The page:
The three Pectorals were in a flock of about 50-100 Least Sandpipers and stood out from the rest of the flock because of their larger size, browner color and obvious yellow legs. Four or five Lesser Yellowlegs, a couple of Greater Yellowlegs and a few Long Billed Dowichers were wading in the shallow water near the dock. This is a good spot for photographers. The light was right and the birds were nearby.

At the Butterfly Garden and vicinity, we also saw Lincoln's Sparrow, Western Wood-Peewee, Warbling Vireo, Fox Sparrow, Hutton's Vireo, Hermit Thrush, Townsend's and Yellow Warbler.

Harold Newman
Berkeley


Hayward Shoreline (9/28 & 9/29)

Bob Richmond
 

Seen at the shoreline -

Red-breasted Nuthatch - 1, seen both days.

Black-throated Gray Warbler - 1, seen both days.
Townsends Warbler - 1, seen 9/29.
MacGillivray's Warbler - 1, seen on 9/28.

Lapland Longspur - 1, seen 9/29 on Mt. Trashmore.

Plus other common migrants.

Good birding

Bob


Strawberry Canyon

Derek Heins <derek.heins@...>
 

Jim Chiropolos and had a nice time birding up the Strawberry Canyon fire trail in Berkeley this morning starting around 8am. A short ways up the trail two Great-Horned Owls were actively hunting. As the fog burned off we enjoyed quite a few mixed flocks moving through the hills. Highlights were a single Hermit Warbler, a Western Tanager pair and three Black-throated Gray Warblers. Other warbler species seen were Townsend's, Wilson's, Orange-crowned and Yellow. One different type of flock was of mixed Hermit and Swainson Thrushes, acting more like Robins in moving quickly through the trees, often chasing each other. Shortly before turning back downhill we spotted a Sharp-shinned Hawk and enjoyed but couldn't locate a singing California Thrasher. Also seen along the way were Band-tailed Pigeons, Purple Finch, Brown Creeper, Pygmy and Red-breasted Nuthatches, Pacific Wren, Warbling Vireo and Golden-crowned Sparrow.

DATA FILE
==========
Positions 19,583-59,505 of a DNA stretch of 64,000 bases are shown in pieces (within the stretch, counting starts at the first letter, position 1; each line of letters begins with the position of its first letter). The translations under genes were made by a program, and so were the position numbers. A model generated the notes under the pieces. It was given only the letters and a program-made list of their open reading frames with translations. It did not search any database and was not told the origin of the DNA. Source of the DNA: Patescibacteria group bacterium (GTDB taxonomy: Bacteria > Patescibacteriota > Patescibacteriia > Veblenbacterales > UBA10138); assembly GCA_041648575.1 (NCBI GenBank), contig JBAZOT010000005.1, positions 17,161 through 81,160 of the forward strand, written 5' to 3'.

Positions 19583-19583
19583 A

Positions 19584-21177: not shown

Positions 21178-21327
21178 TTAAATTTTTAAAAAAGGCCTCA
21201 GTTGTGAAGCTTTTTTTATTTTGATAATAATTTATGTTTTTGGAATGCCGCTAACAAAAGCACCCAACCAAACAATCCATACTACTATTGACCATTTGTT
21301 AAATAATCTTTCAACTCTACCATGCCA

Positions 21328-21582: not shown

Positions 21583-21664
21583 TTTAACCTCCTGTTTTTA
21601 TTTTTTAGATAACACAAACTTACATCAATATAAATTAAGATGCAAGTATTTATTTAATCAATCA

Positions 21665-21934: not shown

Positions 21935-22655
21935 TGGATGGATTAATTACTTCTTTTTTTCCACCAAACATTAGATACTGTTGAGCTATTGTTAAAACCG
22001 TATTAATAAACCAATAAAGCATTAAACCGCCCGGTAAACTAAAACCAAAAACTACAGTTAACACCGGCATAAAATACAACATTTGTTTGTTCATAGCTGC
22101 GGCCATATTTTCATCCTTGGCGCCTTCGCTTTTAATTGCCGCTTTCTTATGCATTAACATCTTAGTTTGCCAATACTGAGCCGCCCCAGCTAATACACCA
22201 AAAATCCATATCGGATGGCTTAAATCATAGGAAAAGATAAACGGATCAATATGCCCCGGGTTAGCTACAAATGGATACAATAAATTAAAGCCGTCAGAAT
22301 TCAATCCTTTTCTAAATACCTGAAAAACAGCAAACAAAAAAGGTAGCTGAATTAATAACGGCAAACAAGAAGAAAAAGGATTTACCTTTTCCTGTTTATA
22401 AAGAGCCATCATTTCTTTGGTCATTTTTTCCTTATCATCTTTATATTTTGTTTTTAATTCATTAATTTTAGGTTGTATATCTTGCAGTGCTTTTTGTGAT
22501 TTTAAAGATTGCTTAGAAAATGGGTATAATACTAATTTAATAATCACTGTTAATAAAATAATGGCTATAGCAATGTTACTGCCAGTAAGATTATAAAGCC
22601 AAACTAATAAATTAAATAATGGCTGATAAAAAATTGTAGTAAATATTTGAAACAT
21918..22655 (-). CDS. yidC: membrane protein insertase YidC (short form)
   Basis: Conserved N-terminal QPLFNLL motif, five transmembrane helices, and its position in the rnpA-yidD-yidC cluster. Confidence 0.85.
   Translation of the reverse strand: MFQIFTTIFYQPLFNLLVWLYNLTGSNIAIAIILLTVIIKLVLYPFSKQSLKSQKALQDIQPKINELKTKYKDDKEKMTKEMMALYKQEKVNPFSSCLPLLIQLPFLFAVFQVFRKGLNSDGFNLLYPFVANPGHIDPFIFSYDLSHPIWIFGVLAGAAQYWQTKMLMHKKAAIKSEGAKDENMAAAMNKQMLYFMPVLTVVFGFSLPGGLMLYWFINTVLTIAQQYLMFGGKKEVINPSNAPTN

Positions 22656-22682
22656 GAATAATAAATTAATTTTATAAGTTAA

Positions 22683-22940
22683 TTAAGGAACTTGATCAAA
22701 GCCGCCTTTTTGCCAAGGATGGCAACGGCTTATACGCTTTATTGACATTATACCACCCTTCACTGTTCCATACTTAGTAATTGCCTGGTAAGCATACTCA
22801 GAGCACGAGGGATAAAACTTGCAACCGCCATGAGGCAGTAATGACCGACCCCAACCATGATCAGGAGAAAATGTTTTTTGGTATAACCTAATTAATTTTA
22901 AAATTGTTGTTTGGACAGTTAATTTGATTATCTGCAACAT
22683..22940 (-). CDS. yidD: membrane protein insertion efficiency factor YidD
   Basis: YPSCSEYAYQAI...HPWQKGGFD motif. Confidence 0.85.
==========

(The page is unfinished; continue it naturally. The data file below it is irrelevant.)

Derek Heins


Coyote Hills RP on Saturday morning

scfloyd2000
 

This morning, Rich Nicholson and Nancy Christensen led a field trip for Ohlone Audubon from the Quarry Staging area out the No Name Trail at Coyote Hills RP.

In the pond across the road from the Quarry parking lot, we saw both a Virginia Rail (small island nearest the big sign) and a Clapper Rail (under the small dock down from the road on the way to the Visitor Center). Two Lesser Yellowlegs fed next to a Greater Yellowlegs.

We heard three Blue-Gray Gnatcatchers, two of them (one seen) on the trail along the hillside above the parking lot, and one by the rock face beyond the end of the parking lot. A sooty Fox Sparrow was on the hillside above the small wetland there.

Near Dairy Glen, we found a Say's Phoebe, a Red-Breasted Nuthatch, and an Orange-Crowned Warbler. A Northern Flicker was atop willows across South Marsh.

In the large fennel patch at the junction that leads to the No Name Trail, we found a Yellow Warbler and a Yellow-Rumped Warbler.

Two Common Mergansers were by the pumping station at the start of the No Name Trail. A few Elegant Terns (and many Forster's Terns) were on the posts in the large pond north of the pumping station.

In all we saw 56 species in about 3 1/2 hours.

Stephanie Floyd
Fremont